Dark Patterns

Sometimes things happen and they are just coincidence and sometimes things happen, especially on the internet, and someone explicitly went out of their way to make that happen. You may find this when you are casually browsing a retail site for a pair of shoes and then, through the magic of something called "retargeting," you keep seeing advertisements for that same pair of shoes. At this point, we all see this coming so it doesn't come as a surprise.

Everyone is tracking us everywhere — and sometimes we willingly let them track us by volunteering information about ourselves (i.e. what we all do on Facebook day in and day out). This is okay as long as everyone's complicit; when the product you are using is free, YOU are the product (the selling of information about you to target selling you stuff, in essence).

What I find far more disturbing is a trend toward dark patterns that I'm seeing in the design of products. I define a dark pattern as a product that takes you somewhere that you as a user don't want to go. It's intentionally leading you to something you may not want — usually the end game is to lead you to something that is profitable for the product but not so great for the consumer.

Dark Bouquet by Jen Gallardo
Dark Bouquet by Jen Gallardo

If you can't tell by the wording I used, I'm not a fan of dark patterns.

My most recent example of a dark pattern comes from Apple. It's pretty clear to me that Apple is violently reacting responding to the fact that streaming music has become a threat to the iTunes Music Store model of buying songs individually. If I'm being honest, I do buy far less music because of my Spotify subscription (like, why buy that guilty pleasure Harry Styles record if I can listen to it on loop for a small monthly fee? #amirite?). And, if I'm being really super honest, I find that I'm more prone to buying DRM-free music from Amazon versus buying it off iTunes. That said, Apple — as any company would in their position — is trying to make Apple Music (their streaming music solution) relevant to iPhone owners.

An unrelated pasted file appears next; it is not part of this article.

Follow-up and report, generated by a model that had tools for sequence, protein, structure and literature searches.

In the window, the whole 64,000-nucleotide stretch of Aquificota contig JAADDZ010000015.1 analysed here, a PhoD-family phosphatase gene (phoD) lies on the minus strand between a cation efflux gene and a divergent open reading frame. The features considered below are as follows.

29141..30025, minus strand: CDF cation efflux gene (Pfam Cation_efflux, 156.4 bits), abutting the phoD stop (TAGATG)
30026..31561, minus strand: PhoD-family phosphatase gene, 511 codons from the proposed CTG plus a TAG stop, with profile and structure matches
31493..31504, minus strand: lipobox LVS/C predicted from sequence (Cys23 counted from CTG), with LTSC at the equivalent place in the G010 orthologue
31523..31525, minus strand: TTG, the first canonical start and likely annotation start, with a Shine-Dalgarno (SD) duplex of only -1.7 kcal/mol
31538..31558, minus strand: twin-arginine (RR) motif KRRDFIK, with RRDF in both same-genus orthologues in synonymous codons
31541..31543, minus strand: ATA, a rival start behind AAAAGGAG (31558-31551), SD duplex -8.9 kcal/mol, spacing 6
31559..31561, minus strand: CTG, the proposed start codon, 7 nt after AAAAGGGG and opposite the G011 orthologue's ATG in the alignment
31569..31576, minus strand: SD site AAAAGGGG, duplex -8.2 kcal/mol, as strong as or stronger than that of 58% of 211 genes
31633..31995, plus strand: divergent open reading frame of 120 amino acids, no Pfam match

However, this has come at a disadvantage to folks like me who have an extensive and sometimes obscure music collection (that is likely not all on Apple Music) that needs to come along with them on their phones. When Apple Music was first becoming a thing to be reckoned with, the music app on iPhone would force the issue of Apple Music. This was incredibly annoying as I'd get an ad that would only half load or just cause the whole music application to hang due to being in spotty reception on the subway — the one place where it is crucial that I listen to my music in peace. Thankfully, Apple created a setting to disable Apple Music entirely, which solved that issue as far as I can tell.

Then iOS 11 came out. And I decided to sync my phone with my iTunes and update my iPhone 6 with the new OS (in preparation for my purchase of an iPhone 8). Suddenly, the four thousand songs on my phone disappeared. What I later discovered is that there was some default setting to sync my music manually that was no longer checked. I didn't decide to do that. Why would I do that?! This is a dark pattern I fell into because of what I believe is an intentional drive to push users to Apple Music. The end result of this was me sitting with my phone for the better part of an hour re-syncing all the music (and videos, for that matter) that should've still been on there.

Inside, Doorway of Taiwan Pavillion by Jen Gallardo
Inside, Doorway of Taiwan Pavillion by Jen Gallardo

But, the good news is that I was able to fix it — so no need to dwell on the past (Apple, if you're listening, I forgive you!). That said, my Public Service Announcement about all of this has to do with thinking critically. They don't teach this in school but it's important to understand what is motivating this dark alley someone's trying to lead you down so you can better evade the trap! Also, a quick google search of "Dark Patterns" reveals some interesting case studies worth checking out so you don't become a statistic.

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